What is Boondocking? Take RVing to the Next Level

Boondocking in FL


Boondocking Orientation

We frequently get this question, “What is boondocking?” from family, friends, and other RV’ers.

Have you ever heard of “off the grid” camping? Well, they’re pretty much the same thing as boondocking. If you’re a seasoned tent camper, try not to laugh, but it’s like primitive camping in an RV.

Boondocking is when you set up your RV without shore power, water, or sewer connections. Why would you want to do this, you might ask?  We’ll cover the various reasons, but knowing how to boondock is a great skill to have if you’re going to take your RVing adventures to the next level.

RVs typically have holding tanks for fresh water, gray water (kitchen/bathroom sink & shower), and black water (sewage). Using a converter, many RVs come wired to run some electrical components on both 120v and 12v power sources. This configuration gives you the ability to sustain yourself for short periods without being in a traditional RV park.

To put it simply, an RV with a full tank of fresh water, empty collection tanks, and a fully charged battery is technically ready to start boondocking.

Being ready to boondock is the easy part. Where it gets challenging is pulling it off. If I could describe Boondocking, “it’s an art” of resource management for your RV. Several variables need to be taken into consideration when boondocking. It’s almost a trial and error exercise in the beginning.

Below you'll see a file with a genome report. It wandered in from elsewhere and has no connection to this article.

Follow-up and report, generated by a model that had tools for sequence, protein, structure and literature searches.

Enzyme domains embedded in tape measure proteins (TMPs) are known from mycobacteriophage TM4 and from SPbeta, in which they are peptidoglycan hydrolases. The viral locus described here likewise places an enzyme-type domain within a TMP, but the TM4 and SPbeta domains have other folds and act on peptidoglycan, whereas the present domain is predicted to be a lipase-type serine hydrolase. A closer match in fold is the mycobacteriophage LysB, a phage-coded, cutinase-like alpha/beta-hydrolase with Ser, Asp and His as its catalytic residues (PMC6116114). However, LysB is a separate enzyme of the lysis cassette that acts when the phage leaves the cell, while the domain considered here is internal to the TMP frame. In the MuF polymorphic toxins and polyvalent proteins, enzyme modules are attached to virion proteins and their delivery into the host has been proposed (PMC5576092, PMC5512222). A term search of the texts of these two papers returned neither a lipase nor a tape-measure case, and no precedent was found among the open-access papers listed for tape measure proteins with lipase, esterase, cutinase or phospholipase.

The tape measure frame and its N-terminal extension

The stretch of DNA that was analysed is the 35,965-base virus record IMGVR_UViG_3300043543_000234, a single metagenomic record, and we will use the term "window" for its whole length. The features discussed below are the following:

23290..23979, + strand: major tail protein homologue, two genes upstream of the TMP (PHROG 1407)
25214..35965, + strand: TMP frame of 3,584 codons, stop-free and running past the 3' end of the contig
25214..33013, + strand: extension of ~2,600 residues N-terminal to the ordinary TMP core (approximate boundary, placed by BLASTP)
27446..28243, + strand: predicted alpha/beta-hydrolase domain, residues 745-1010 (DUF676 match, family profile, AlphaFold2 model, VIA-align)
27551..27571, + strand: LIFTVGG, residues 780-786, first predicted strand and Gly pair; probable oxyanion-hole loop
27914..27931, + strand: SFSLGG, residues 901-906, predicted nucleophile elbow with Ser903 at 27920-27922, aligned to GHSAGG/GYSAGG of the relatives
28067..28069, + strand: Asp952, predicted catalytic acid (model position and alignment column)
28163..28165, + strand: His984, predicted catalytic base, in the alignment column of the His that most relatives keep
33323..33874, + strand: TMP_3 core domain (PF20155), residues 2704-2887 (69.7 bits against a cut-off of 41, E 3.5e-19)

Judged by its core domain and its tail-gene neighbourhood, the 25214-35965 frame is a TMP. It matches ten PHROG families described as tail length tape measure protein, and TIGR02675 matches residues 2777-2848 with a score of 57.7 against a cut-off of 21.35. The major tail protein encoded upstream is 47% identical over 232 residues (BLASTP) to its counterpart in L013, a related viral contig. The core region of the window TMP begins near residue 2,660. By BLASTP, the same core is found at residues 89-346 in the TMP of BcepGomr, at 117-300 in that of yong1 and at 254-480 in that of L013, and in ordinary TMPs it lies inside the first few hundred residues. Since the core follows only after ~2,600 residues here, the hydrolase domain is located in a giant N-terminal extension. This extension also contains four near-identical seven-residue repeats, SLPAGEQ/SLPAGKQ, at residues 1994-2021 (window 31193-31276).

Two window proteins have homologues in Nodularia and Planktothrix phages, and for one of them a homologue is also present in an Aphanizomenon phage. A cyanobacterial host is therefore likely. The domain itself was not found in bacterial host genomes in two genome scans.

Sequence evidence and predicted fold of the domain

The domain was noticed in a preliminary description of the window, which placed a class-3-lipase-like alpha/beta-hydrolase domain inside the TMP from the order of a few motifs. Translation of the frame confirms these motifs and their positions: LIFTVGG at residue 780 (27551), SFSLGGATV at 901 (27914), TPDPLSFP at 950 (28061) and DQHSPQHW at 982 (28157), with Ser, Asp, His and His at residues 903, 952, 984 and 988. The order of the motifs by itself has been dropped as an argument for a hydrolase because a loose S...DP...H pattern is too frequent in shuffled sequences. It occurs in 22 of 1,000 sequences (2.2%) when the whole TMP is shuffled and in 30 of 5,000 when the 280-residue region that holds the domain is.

Managing Resources

No two RVs are alike, no two families use the same amount of water per day, and no two people have the exact power requirements over 24 hours. Boondocking is about knowing your RV systems, usage requirements and managing them with the resources you have.

Here is an example of how we manage our water usage and the effect it has on power while boondocking:

Our RV has a 60-gallon freshwater tank. A family of three could easily use that in one day if we were careless. To run all that water we also need power for the pump. If we’re going to boondock in one spot for 3-5 days, we would need to stretch all these resources to ensure access to our water. Here is how we would adjust:


No long showers

I don’t know about you all, but I have some world record, long shower takers in my rig most of the time. Not when we’re boondocking.  We make it a point to get in, rinse, turn the water off, soap up, wash off, then out! Aka, a Navy Shower!

Flushing Discipline

RV toilets don’t flush like those in a home. They run water as long as you hold the pedal down. So you can use a lot of water to flush the toilet if not careful. You can also end up filling up your black tank sewage system with your precious freshwater.  That’s no bueno!  You won’t have a readily available spot to empty those tanks, and that can end a boondocking trip fast!  Only use what you need to flush.

Dishes in the Bucket

Washing dishes can also use a lot of water. We always try, but especially when boondocking, wipe all words first with a paper towel into the trash. Then, we’ll let the dishes build up a little before washing, rather than after each meal. 

We’ll use a secondary bin in our sink when boondocking to minimize our water usage.  We’ll fill the container in the sink with hot soapy water, scrub and set dishes aside, then dispose of that water outside if allowed. Fill again while rinsing and then dump. Even if you’re not able to dump this water out, you can control which tank you want to dump the water into and better manage your tank levels.  Lowing the water requirements saves the freshwater we have, puts only the water we use in the holding tanks, and lets us use our battery for other things.